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An Inventive Sliver of a House in Tokyo by No. 555

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An Inventive Sliver of a House in Tokyo by No. 555

February 9, 2018

Presented with an impossibly narrow slice of land in Tokyo’s Ota-ku suburb, architects Takuya Tsuchida and Kano Hirano of No. 555 came up with the HSK Subako (the owners’ initials plus “birdhouse”). Known for their tell-it-like-it-is brand of design, No. 555 create dwellings that celebrate everyday materials and allow the stuff of life to be on view.

The owners of this particular perch are a product designer and architect couple. And since the former needed a place to work from home and to store his many bikes, fishing rods, and other gear, the architects accommodated with an entry that doubles as a workshop and store room. Unable to build out, the architects built up: Each of the two stories has a loft. And they detailed the house with matching birdhouse-like covered balconies on the front and back that light the living space and offer the owners a broad outlook from their little domain.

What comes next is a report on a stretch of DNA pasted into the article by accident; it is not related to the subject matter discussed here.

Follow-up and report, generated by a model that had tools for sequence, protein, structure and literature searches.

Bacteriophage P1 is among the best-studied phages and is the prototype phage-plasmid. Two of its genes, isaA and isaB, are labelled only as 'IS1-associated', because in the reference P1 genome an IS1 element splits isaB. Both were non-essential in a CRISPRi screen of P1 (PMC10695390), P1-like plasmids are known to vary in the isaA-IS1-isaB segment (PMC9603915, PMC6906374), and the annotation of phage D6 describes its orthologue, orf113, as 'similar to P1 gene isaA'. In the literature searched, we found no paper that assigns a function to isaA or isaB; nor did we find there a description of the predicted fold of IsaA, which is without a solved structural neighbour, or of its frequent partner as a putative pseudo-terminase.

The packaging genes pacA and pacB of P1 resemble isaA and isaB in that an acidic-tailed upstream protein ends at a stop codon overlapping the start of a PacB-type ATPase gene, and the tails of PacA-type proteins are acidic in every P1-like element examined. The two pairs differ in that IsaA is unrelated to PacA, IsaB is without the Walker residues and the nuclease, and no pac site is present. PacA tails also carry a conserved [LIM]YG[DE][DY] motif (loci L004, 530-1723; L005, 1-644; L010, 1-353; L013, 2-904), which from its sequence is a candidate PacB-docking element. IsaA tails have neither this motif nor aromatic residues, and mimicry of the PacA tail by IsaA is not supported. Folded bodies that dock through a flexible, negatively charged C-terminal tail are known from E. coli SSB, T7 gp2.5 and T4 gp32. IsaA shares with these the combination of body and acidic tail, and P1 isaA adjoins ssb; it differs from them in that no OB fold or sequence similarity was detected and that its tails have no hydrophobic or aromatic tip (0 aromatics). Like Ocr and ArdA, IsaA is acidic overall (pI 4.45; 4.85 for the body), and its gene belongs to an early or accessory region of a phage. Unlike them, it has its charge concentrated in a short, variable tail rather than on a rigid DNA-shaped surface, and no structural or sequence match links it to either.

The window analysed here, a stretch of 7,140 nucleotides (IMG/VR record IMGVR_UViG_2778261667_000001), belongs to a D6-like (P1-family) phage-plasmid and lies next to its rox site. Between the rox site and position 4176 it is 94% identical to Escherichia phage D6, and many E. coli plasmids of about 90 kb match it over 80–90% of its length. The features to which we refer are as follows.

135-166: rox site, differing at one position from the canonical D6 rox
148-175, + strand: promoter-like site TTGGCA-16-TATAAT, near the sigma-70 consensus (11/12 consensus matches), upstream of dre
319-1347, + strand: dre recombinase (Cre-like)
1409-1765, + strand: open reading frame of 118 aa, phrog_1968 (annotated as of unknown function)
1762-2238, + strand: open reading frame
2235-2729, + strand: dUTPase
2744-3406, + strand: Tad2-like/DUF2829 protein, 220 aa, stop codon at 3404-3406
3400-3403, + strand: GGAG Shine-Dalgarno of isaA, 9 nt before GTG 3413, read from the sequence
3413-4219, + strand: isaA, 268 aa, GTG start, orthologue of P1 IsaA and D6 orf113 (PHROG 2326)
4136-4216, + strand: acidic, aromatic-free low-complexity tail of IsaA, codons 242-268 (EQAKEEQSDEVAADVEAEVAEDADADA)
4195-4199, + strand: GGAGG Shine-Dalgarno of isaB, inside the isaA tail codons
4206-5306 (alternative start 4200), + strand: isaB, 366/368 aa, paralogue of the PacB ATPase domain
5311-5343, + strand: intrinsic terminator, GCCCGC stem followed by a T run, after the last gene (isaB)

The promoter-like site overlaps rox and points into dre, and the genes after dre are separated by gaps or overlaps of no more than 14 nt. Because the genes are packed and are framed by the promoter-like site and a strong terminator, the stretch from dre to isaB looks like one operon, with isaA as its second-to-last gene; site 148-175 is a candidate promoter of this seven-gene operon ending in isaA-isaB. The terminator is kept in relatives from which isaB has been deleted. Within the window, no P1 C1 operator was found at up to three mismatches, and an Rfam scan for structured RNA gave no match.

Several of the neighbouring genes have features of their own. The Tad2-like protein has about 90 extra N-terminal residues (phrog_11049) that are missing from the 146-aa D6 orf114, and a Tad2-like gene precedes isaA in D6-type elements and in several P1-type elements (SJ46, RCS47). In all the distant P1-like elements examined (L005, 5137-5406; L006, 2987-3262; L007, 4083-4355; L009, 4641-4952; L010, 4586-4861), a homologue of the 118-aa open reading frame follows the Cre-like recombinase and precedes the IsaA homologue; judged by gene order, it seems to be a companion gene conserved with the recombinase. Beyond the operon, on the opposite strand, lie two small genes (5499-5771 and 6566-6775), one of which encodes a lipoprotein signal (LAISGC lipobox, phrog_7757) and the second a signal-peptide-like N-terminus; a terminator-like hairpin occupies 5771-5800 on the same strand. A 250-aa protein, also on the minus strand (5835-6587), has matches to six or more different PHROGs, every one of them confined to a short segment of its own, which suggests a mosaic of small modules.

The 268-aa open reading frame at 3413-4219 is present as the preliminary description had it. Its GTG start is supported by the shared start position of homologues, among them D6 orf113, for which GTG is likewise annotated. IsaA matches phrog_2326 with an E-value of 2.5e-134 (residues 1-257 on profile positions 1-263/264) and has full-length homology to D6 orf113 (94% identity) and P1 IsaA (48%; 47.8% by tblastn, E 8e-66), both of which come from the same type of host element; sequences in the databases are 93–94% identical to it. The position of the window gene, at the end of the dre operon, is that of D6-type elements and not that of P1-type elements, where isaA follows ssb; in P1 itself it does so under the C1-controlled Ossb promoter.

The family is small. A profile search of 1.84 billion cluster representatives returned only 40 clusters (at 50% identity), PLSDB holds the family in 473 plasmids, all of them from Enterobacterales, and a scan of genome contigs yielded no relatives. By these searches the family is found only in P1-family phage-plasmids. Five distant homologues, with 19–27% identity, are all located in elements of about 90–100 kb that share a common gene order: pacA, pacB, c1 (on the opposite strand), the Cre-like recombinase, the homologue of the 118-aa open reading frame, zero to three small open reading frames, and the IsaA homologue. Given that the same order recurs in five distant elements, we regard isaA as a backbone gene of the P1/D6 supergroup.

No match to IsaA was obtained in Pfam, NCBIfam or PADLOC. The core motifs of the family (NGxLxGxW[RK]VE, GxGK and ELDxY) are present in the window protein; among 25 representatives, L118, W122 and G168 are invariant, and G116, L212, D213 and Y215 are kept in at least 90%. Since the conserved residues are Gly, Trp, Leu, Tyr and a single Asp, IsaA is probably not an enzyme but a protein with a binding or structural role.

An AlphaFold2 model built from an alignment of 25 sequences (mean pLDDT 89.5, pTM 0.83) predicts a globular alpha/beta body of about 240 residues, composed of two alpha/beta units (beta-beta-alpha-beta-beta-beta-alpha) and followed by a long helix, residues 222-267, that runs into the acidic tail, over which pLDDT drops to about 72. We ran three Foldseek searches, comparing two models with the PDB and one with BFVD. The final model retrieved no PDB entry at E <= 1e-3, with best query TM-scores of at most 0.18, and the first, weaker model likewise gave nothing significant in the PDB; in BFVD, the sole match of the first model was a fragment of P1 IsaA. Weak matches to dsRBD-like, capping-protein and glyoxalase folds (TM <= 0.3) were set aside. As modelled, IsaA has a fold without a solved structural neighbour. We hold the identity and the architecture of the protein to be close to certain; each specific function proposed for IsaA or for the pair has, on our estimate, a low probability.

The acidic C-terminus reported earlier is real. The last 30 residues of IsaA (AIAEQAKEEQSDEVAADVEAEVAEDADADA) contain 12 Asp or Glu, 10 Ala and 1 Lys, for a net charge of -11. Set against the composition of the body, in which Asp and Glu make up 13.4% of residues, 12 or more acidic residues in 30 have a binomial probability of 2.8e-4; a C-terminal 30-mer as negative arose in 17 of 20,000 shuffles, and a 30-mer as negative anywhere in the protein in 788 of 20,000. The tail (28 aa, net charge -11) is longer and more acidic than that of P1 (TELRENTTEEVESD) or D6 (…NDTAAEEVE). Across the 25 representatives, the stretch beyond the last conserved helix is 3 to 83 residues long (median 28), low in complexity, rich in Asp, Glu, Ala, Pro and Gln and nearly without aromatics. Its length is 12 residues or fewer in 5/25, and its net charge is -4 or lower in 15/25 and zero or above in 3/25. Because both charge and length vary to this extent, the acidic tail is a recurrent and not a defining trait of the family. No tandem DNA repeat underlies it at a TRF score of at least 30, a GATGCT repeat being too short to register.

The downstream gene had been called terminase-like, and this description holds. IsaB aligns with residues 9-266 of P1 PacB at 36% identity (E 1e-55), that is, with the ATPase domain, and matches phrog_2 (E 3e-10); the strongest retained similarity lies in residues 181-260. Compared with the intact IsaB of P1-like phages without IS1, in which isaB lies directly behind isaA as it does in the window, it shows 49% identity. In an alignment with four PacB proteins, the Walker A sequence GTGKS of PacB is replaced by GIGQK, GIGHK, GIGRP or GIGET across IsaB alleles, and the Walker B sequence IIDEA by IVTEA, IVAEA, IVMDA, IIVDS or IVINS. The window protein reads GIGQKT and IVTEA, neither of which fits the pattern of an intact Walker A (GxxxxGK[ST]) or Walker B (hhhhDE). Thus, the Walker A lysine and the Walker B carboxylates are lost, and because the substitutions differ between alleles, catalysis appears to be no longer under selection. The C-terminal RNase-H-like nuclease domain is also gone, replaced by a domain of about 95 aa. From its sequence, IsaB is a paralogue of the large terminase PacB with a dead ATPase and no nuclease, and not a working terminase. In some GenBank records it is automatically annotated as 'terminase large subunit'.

Photography by Ryoma Suzuki, courtesy of No. 555.

the back of the house abuts a verdant park. the structure with the wooden balco 17
Above: The back of the house abuts a verdant park. The structure with the wooden balcony is roughly 13 feet wide and 32 feet deep. It’s composed of fiber cement panels that No. 555 flipped so that the rough, usually hidden side is exposed.

The Living Floor

an open kitchen runs along the second floor anchored by living and dining balco 18